I do not why, but FrSky does not want to keep things simple. Not only it's migrating from ACCST to ACCESS, it also makes a mess with FrSky R9M system by releasing new hardware that looks like old hardware, has a very similar name and can run ACCESS but only on some radios, not on the other. The nightmare…. Today let's compare the FrSky R9M transmitter module I own for last (almost) 2 years with a brand new FrSky R9M2019…
New long-range 1.2GHz video transmitter and receiver from Matek are hot topics of the last few weeks. They seem to be a very interesting proposition for all long-range flyers that are not happy with more popular 5.8GHz FPV systems.
Last week I've connected Matek VTX-1G3 to an RF power meter and this is what came out of this.
Bottom line: this looks like a very decent 1.2GHz FPV system and Matek VTX-1G3 and VRX-1G3 might be what long-range community really needed!
When looking for radio modules for your next Arduino project, you might have come across the couple named: FS1000A and XY-MK-5V. At first glance, they might look like the next best thing, but it's not that simple.
Before you start hacking anything with FS1000A and XY-MK-5V, read the following pros and cons:
- simple – to send a signal you do not need much. Only to power them up and set LOW or HIGH on the data pin
- cheap – true, they are not expensive
- pretty much everything else, including the same things that are their pros…
- too simple – they are just too simple and offer no other functions than transmitting a wave through the void. No CRC, no packets, so SPI or serial, no bidirectional communication
everything has to be done in the software, including encoding and CRC.
- transmitting and receiving devices have to use the same libraries and support on some platforms like Raspberry Pi might be problematic at best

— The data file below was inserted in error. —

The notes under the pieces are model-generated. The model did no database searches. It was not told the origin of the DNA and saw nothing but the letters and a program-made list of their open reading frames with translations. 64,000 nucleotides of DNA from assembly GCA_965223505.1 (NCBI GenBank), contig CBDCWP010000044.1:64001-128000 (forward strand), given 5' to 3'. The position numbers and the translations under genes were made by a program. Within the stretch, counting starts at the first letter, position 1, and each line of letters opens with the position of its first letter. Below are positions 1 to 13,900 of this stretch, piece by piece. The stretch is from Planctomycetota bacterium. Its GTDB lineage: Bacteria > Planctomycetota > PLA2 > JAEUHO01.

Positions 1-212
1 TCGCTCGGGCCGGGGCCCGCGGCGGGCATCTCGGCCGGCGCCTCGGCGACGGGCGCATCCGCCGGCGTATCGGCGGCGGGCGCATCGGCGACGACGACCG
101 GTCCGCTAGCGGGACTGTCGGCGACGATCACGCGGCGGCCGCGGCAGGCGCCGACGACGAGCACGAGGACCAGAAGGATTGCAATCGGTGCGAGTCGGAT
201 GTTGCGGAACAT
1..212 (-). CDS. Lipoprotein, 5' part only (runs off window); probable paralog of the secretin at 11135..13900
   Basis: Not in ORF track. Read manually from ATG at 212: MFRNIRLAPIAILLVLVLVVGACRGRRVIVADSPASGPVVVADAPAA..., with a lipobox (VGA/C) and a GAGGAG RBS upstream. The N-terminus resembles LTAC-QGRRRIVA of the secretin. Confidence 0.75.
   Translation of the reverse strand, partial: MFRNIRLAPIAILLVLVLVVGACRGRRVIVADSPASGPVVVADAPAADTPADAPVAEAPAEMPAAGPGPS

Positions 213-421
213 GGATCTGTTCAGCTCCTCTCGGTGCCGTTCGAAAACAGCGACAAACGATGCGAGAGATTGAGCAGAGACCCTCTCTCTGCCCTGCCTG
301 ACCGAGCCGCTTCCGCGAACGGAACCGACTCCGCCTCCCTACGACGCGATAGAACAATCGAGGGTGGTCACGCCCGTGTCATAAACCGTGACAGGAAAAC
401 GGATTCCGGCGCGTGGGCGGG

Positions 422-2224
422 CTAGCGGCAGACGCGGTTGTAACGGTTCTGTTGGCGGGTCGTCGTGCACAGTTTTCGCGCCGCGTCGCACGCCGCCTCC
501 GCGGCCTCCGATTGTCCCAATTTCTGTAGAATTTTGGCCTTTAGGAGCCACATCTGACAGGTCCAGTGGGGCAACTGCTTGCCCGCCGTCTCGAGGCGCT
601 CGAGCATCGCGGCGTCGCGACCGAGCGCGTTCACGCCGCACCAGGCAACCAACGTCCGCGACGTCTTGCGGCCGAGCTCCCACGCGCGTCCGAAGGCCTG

- the frequency can not be changed!
- no frequency hopping or spread spectrum
- you have to get your own antennas
- range is poor at best and depends on things like voltage of the transmitter
- build quality varies a lot and you can not be sure that TX and RX are really tuned to the same frequency
Verdict? At leat be very careful when choosing hardware for your next Arduino RF project…
Almost all RC radio transmitters (Jumper, FrSky, Nirvana and all other OpenTX radios) have trims. When flying classical airplanes, their usage is obvious: you trim your airplane with trims. When using any flight controller or stabilization, they immediately become useless. Trimming has to happen on flight controller (INAV, Betaflight, Pixhawk, Ardupilot), not on the radio itself. Luckily OpenTX allows you do some tricks with trims:
- disable trims so they will not accidentally break anything
- use trims as 2 position switches and assign them to any radio channel
- use trim to reset flight and timers in OpenTX
On a first glace, FrSky X9 Lite looks like a thing you might want to have. As your first radio even when you are entering a hobby, or as a secondary transmitter just in case when the first one dies on you. Theory often does not match reality tho. I doubt there are samples around independent reviewers yet so it will have to wait to know if it’s any good. But until then we can take a look a specification and think if it really looks like a good radio at all…
Hands up, who gets antenna gain? Like why 2dBd is better than 3dBi and why 8dBi might not be a good choice after all? This whole antenna gain topic might be quite confusing. Not only there are 2 units dBi and dBd (since blame marketing for that!) but also one must realize that antenna does not really have a gain like an amplifier or transistor. If 100mW will be put into antenna it will never radiate more than a 100mW. Truth to be told, it will always radiate less than that!
- You should not trust a guy on YouTube that says that he knows it all
- OpenTX “no signal” is not the best failsafe setting when FrSky S.BUS devices are used and why
- Than “Hold” failsafe setting might actually be a better option when S.BUS is used
- How to setup Failsafe in INAV to have the best experience and safe flight
Looks like FrSky R9 system (R9M TX and R9 Slim, Mini and R9MM family) are finally a usable product. With latest FLEX firmware released and OpenTX 2.2.3 on the loose, it's a good idea to upgrade all R9 gear and finally do not have to worry about FCC and EU-LBT versions.